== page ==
A select compilation of bibliographical literature for the West Indies during the period 1650-1795 yields some twenty-six titles of works styling themselves variously as histories, travel accounts, and miscellaneous memoirs from abroad, all purporting to describe the natural, moral, civil, and commercial behavior of Caribbean inhabitants, mostly the indigenous but also (inevitably) the immigrants and the Creoles (Goveia 179-81). Of the diverse genres represented, the category "history" is by far the most common. Familiar and obvious as this conventional label may be, the objects of the discourses were not. Charles de Rochefort's Natural and Moral History of the Caribby Islands is a work whose relation to the specific historical moment of West Indian colonization exemplifies this tension between label and contents.(1)
At the deep structure of its unconscious narrative intentions, the History configures the dynamics of this tension into a rhetorical trope of collusion.(2) Assimilating historical narrative to literary discourse, collusion incorporates modes of allegory, notions of play, and poetic constructions to make Rochefort's meaning. It transcends the strictly-drawn confines of history to remap the traditional categories of civilization and barbarism; it reimagines the presumptions of difference, knowledge, and value that privilege subject above Other.
That such far-reaching realignments and disruptions would result from European-Carib encounters was foreshadowed over eighty years earlier in Michel de Montaigne's Des Cannibales (1580). Through an interpreter, Montaigne had interviewed one of three Tupinamba (native Brazilians) visitors with whom Charles IX had held an audience at Rouen in 1562. Through reports, formal and popular alike, Montaigne was well informed about the activities of exploration and colonization, about the New World indigenes, their manners and their mores. Montaigne's essay is the indisputable locus classicus of a new interpretive method for the terms of interaction between "savage" and "civilized" so characteristic of colonizing narratives. The slippages, the designs, the deviousness figured in Rochefort are all intimated in Montaigne's sagely ironic observations on the meaning and consequences of the European-Amerindian encounter. Tempering the excitement of novelty with cautious skepticism against assuming final knowledge from limited contact, Montaigne insists on factoring into the construction of New World epistemology the universal problems of chauvinism and bias, the insoluble enigma of the Other's elusiveness. In a prophetic pre-text to the deeper allegorical references in Rochefort, the essay deflates the sonorous pretensions displayed in the cosmographic titles of histories like Rochefort's, emphasizing the gap between desire and comprehension, between reach and grasp. "I am afraid," Montaigne wrote, "we have eyes bigger than our stomachs, and more curiosity than capacity. We embrace everything, but clasp only wind" (150).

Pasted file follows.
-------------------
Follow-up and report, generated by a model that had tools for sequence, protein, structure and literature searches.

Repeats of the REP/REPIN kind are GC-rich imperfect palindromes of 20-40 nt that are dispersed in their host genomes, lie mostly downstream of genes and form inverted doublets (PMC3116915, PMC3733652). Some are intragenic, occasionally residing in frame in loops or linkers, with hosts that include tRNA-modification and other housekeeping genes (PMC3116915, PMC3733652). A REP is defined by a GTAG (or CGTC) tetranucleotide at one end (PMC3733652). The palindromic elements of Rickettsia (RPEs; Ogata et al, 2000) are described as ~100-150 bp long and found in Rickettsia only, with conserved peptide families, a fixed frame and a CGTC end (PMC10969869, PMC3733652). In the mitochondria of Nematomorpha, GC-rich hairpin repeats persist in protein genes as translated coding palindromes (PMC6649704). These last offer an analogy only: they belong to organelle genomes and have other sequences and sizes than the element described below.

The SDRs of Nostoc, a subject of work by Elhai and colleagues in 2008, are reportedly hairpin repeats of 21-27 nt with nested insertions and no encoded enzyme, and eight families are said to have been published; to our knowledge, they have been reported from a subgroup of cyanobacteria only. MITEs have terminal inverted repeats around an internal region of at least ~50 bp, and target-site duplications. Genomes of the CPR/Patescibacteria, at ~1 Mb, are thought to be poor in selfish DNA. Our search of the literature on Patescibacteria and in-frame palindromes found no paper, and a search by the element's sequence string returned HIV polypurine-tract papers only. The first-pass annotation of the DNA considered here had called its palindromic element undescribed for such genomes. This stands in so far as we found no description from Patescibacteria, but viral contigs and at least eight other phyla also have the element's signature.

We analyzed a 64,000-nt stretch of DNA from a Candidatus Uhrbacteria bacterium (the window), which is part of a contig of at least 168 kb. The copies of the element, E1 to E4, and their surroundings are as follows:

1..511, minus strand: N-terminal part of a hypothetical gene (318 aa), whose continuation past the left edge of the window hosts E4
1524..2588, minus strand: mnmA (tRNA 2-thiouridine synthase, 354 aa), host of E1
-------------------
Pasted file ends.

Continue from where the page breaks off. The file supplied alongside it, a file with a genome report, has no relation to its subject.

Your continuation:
Montaigne reveals a deeply ironic understanding of the limitations of travelers' and authors' judgments about exotic places ("they cannot help altering history a little. They never show you things as they are, but bend and disguise them according to the way they have seen them" ). He questions the validity of categories like barbarism and savagery ("each man calls barbarism whatever is not his own practice" ); and, on the whole, elaborates a remarkably liberal, enlightened critique of difference, concluding his affirmations with the coded tag "All this is not too bad--but what's the use? They don't wear breeches" (159).
The allusion to nudity brings us back to Rochefort, for to a considerable degree, the collusions of his text are aimed at normalizing that practice.
Nearly a hundred years intervened between the Tupinambas' travels in France and the first edition of Rochefort's History (1658). Neither the sparse biographical record nor the internal evidence of his text furnishes any suggestion that Rochefort personally met or saw the Tupinambas during their visits, or that he ever set foot in the New World. Still, he accounted himself fortunate to have had access to the testimony of reputable eyewitnesses. Chief among these he named a certain du Montel (reputed to have lived among the Caribs of Dominica), a Mr. Brigstock (the principal source for his account of pre-Columbian Carib history), and sundry former inhabitants of the American colonies (acknowledged in his preface for providing certain memoirs from which this work was developed). Marginal citations and factual details in the History show that Rochefort drew generously from the principal sources that helped to shape French notions of Carib ethnography: Peter Martyr, Gonzalo Fernandez de Oviedo, Francisco Lopez de Gomara, Jose de Acosta, Theodore de Bry and Jean Mocquet, to name only a few. Almost without exception, these authors disseminated images of the Caribs as a wholly inhospitable, barbarous lot, whose inveterate ferocity expressed itself in bloodcurdling cannibalism (Boucher 18-22).
Like the assortment of texts alluded to earlier, Rochefort's History attempts to depict the material properties and moral attributes of lands and peoples still not fully assimilated into the European consciousness. But the collusive mechanisms that shape the rhetoric of this historical narrative force a dissent from contemporary intellectual orthodoxy: like Montaigne, Rochefort calls attention to the flawed methods and narrow conceptions of those authors most responsible for the underserved negative images of Caribs. Rochefort feels compelled to invent and redefine "history," in order to display the new body of knowledge constituted by those entities (human and moral) and resources (physical and material) indigenous to the newly appropriated space. The content and procedures of discourses bearing the marker "history," therefore, invite a much closer inquiry to define the …